Tuesday, February 7, 2012


Last night as we were driving home from my parents place, I realised I had left the brownie in the microwave.
This was a bigger deal than it should have been as I had been craving that brownie all day and, once made, had even managed to be generous enough to take it to their place so I could share it with my family.
But not generous enough to leave the rest of it there.
That was not part of the plan.
I was lamenting this fact as we pulled into our street.
Then I was lamenting the fact that – as usual – there was not a parking spot to be found, as we live in the groovy inner west, close enough to the city that we should all be commuting on foot or bicycle and don’t really need a car anyway, and yet everyone (not us) seems to own not one, but two vehicles per house.
Couple this with the fact that there is a funeral parlour on one corner and a gym on the other and you can see how the problem escalates.
Sadly, (although not for them I don’t suppose) the funeral parlour is consistently busy. Which means that by day the street is filled with the cars of funeral-goers, walking down the path sadly and slowly in their crisp black suits, and by night the street is filled with the doof-doof cars of ‘roided-up white guys on their way to stand in front of the mirror and grunt and swear as they stare at themselves pumping iron at the gym. You know the ones, their protein shake hanging from a clip on their pants, camouflage caps on their heads, their deep cut singlets deliberately exposing the series of tattoos on their arms.
Back to our parking dilemma, we were further hindered by a car stopped smack bang in front of the back lane where you can sometimes find a park, (the downside to that being that by next morning your car is covered with those annoying fig bombs that stick to the roof like cement).
Showing remarkable restraint, G and I did not honk and G did an impressive reverse park into a spot that looked like it could only fit one of those small, good-for-the-environment-but-way-too-expensive-for-us, smart cars.
As we extracted Q from the car, (no small feat when she’s asleep) we realised the car was parked across the lane because its occupants were having a roaring argument. They climbed out of the car and the first thing we saw was the woman slapping the guy about the head, her language bluer than the summer skies we see only in our memories owing to this totally shit summer.
Quickly, G took Q upstairs and away from any potential harm.
Because I am brave and strong, I stayed, unpacked the car (minus the brownie) and learnt a few new swear words.
G wanted to call the police immediately, but my initial thought was that her hitting him was the best case scenario, (she was slight and petite and he was the size of…well…a ‘roided up white guy) and perhaps this was how they rolled. Some ladies like to fight.
But as I was taking the final load of crap upstairs, they had returned inside the car and all I could see was the bloke leaning over the passenger seat, his fist slamming up and down in the air.
‘Call the police now Gregory,’ I yelled up the stairs, then snuck closer to see how I could help.
Somehow the woman managed to clamber out of the car and it was easy to see she’d been hurt.
Then, for whatever reason, she climbed back in and he sped off, but not before I managed to get the numberplate of the car belonging to this complete Neanderthal, woman-beating bully arsehole.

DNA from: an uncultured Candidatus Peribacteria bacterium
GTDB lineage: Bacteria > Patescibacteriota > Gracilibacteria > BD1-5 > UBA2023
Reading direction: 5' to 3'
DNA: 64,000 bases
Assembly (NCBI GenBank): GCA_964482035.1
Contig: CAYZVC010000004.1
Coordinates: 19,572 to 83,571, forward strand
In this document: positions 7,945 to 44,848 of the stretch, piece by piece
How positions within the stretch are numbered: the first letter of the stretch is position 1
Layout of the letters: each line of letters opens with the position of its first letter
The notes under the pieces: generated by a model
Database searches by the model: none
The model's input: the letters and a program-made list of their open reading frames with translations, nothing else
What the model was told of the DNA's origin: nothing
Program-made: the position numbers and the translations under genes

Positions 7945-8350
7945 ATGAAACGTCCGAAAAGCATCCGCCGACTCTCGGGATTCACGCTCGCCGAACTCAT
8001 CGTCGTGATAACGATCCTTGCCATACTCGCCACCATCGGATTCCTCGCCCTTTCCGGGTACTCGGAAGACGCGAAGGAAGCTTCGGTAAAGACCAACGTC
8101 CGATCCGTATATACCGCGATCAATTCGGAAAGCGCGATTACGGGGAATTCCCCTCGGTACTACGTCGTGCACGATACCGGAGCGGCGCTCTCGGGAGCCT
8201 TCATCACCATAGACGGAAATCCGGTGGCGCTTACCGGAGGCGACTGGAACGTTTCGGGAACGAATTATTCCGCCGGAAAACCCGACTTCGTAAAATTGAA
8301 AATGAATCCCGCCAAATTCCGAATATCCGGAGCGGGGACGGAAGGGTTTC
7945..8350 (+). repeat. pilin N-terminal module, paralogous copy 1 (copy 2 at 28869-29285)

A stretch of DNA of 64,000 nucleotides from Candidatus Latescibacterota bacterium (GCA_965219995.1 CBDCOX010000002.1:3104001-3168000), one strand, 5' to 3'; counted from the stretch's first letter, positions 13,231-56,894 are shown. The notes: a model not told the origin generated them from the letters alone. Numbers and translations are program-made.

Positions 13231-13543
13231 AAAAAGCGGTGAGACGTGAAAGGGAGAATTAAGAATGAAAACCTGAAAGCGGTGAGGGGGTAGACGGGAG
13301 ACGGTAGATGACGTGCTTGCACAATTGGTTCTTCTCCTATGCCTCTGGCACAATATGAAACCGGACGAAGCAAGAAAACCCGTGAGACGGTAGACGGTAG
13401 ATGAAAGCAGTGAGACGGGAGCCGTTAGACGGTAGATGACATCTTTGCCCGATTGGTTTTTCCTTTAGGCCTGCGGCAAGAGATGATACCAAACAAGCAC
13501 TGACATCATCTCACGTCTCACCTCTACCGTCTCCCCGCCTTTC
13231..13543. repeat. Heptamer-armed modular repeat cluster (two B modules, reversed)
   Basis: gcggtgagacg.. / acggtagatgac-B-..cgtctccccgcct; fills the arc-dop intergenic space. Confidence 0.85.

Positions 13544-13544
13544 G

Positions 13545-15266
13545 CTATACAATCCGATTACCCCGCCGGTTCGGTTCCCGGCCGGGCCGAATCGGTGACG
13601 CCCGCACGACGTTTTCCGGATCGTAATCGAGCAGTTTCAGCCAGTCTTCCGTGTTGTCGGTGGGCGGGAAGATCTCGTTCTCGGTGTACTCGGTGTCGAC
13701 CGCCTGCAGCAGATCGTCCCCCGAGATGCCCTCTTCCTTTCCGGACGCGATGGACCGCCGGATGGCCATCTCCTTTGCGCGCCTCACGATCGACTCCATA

Maybe this was their first fight. Maybe she’s a feisty personality. Maybe she pissed him off.
I don’t care.
You don’t ever piss someone off enough to cop a blow to the head.
Thanks to Gregory’s quick call (although we lost a few seconds while I reminded him that 911 was for the US only) the police reckon they found the car.
Should we have tried to talk to them instead of calling the police?
I’m not so sure. I’m a mother now, and Gregory is a father. Our first duty is to our girl. My only defence against that mountain man would have been to run down to the main road and hope a car stopped to help, Gregory may have had to take him on.
Gregory is not a ‘roided up white guy.                                                                                    

Although he does have tattoos down one arm. Don’t all chefs? My theory is that their down time, their time to play, is after midnight when all the people they served are home in bed asleep. What else is available at those hours apart from dodgy bars, brothels and tattoo parlours?   For the record G only partakes of two of those three.
We returned upstairs and my heart was racing with rational fear for that poor woman, and irrational fear that the ‘roided up white guy was going to come back to our street with a gun and shoot us for interfering.
I have a vivid, hyperactive imagination. It is why I don’t watch horror movies.
G made me a cup of tea and I sat there sipping, desperately wishing I hadn’t forgotten that bloody brownie.
Domestic violence is not ok.
And that means you play your part in society by not tolerating it if you see it.
If that was their first fight, imagine what he’ll do to her next time.
I really hope she’s all right and hope even more that she had the courage to walk away.
I did a bit of research and it seems we’re making a pretty fair effort, there are a lot of wonderful websites devoted to domestic, couple and relationship violence.
These are just a few, all based in Sydney, but there were plenty more for other areas of Australia.
Isn’t it a terrible shame that we need them?

Ps. On a slightly facetious note, this post has been sponsored by the brownie my mum dropped off to me this morning. I have no willpower.

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